What Is Proportionate Liability?
Proportionate liability is where more than one person has caused the loss suffered by another. The people causing the loss are called "concurrent wrongdoers". If there are concurrent wrongdoers and proportionate liability applies, the person who has suffered the loss can only recover from each wrongdoer that part of the loss which is a fair reflection of that wrongdoer's share of responsibility for the whole loss. In contrast, if proportionate liability does not apply the "victim" can recover all the loss from any one wrongdoer, who must then seek "contribution" from the others.
When Does Proportionate Liability Apply?
Proportionate liability was introduced to the building and construction industry in Victoria through section 131 of the Building Act 1993 and in New South Wales by section 109ZJ of the Environmental Planning and Assessment Act 1979. Those provisions were replaced with new proportionate liability laws with much wider application. There are now proportionate liability schemes in all States and Territories and the Commonwealth.
The new laws apply to many (but not all) claims for damages arising from a failure to take reasonable care including building and construction disputes.
Is There Anything Wrong With Proportionate Liability?
Although the previous proportionate liability schemes have been replaced, the new laws have not removed their tendency to complicate litigation. In the Victorian Supreme Court building case of Gunston –v– Lawley & Ors the judge said:
"The owners' fairly straightforward claims were transformed into a complex and doubtless expensive suite of proceedings, a phenomenon which is regrettably a not uncommon product of the proportionate liability regime now in force."
This complexity means that there will be many arguments about how court cases ought to be run when the proportionate liability legislation is invoked. It will be some time before the proportionate liability laws are fully "bedded down". This process has been made longer and more difficult because of variations from one proportionate liability scheme to another. The proportionate liability laws are different in every jurisdiction around Australia! For example, Victorian legislation prohibits courts from ordering apportionment of damages against any concurrent wrongdoer who is not made a party to the case. Elsewhere, the courts may apportion liability by having regard to the degree of responsibility of a person who is not a party. These differences mean that principles and practices developed in one Australian jurisdiction may not apply in any other.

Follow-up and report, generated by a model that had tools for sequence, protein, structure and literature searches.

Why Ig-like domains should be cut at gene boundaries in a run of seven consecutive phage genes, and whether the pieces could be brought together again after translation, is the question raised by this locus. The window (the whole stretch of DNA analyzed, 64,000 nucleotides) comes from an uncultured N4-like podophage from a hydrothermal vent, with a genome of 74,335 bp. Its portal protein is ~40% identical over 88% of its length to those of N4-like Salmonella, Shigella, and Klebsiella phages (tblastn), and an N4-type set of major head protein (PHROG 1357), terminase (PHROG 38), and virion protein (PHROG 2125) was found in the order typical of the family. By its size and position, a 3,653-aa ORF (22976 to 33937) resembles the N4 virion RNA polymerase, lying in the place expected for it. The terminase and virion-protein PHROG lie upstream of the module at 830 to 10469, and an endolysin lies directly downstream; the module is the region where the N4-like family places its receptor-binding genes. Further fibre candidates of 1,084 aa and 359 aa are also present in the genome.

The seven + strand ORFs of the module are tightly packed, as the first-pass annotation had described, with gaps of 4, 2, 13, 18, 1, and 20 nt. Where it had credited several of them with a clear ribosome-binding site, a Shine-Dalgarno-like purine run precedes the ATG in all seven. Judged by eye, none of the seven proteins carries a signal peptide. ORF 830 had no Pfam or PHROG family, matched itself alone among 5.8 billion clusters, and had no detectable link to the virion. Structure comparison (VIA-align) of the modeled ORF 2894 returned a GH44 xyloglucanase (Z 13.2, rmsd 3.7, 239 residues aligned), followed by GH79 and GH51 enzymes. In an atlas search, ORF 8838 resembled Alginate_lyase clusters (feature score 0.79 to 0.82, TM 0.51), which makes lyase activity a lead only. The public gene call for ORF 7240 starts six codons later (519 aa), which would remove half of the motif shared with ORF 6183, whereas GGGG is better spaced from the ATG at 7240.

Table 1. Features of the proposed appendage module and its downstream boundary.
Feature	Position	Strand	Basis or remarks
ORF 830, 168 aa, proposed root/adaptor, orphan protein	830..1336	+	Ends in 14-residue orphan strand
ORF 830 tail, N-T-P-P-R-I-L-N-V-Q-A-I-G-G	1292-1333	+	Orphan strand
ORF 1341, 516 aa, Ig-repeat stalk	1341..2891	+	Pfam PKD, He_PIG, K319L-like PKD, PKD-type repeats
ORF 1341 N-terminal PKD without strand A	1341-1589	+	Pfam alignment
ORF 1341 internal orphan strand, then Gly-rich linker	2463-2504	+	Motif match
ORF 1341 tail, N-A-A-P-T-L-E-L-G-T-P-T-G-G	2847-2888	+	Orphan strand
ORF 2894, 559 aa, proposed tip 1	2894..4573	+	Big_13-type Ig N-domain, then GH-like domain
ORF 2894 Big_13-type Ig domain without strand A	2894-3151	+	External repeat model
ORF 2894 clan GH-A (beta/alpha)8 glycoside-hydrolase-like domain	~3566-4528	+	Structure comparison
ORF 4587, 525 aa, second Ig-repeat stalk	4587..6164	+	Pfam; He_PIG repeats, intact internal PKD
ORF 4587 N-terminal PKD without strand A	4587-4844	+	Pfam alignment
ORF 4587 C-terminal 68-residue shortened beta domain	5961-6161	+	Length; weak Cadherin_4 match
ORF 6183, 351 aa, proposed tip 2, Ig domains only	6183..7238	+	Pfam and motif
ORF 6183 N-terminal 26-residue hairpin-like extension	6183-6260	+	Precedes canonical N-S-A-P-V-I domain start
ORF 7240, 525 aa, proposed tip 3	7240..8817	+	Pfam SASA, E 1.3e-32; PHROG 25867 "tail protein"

Can You Avoid Proportionate Liability?
Due to this uncertainty and for other reasons, parties may wish to avoid proportionate liability applying to their dispute. Defendants are unlikely to want this because proportionate liability reduces their liability for damages. However, a plaintiff probably has the opposite view.
In some circumstances the plaintiff may be a person who has been able to exclude proportionate liability by the terms of contracts made with one or more of the parties who have become defendants. However, such "contracting out" is only permitted in some jurisdictions and even where it is allowed, you may not be able to get the other party to a contract to take on the risk of greater liability which would be the result of an agreement to opt out of proportionate liability.
Carefully Crafted Pleadings
Another possible way to limit the application of proportionate liability is by careful attention to the way in which a claim is made. This is because proportionate liability does not apply to claims that do not arise from a failure to take reasonable care. A claim for breach of a contractual warranty may fall into this category. In an article printed in the Building Disputes Practitioners' Society Newsletter of September 2006, David Byrne (the judge in Gunston –v– Lawley & Ors) said that, when preparing a case, a lawyer who does not want proportionate liability to apply "would do well to plead the claim so as to avoid any suggestion that it is for monetary compensation for work done without reasonable care."
But will such an approach work? The decisions in two recent cases suggest not. In the 2009 Victorian Supreme Court case of Solak –v– Bank of Western Australia Ltd the judge said that the purpose of proportionate liability was to make sure that each wrongdoer should only pay their fair share of the loss. The judge said "that task ought not to be frustrated by arid disputes about pleadings". The judge's suggestion that the pleadings are not important in this context, is supported by the earlier (2007) case of Dartberg Pty Ltd –v– Wealthcare Financial Planning Pty Ltd where another judge said:
Even though the claims in this proceeding themselves do not rely upon any plea of negligence or a failure to take reasonable care in a strict sense, a failure to take reasonable care may form part of the allegations or the evidence that is tendered in the proceedings. At the end of the trial after hearing all the evidence, it may be found that [the system of proportionate liability] applies.
Going by these cases it seems that at least in Victoria even carefully crafted pleadings may not help avoid the impact of proportionate liability on building cases. But because the proportionate liability law in each Australian jurisdiction is different, these Victorian cases may not apply elsewhere. In each case, a check of the relevant law will be required.
The content of this article is intended to provide a general guide to the subject matter. Specialist advice should be sought about your specific circumstances.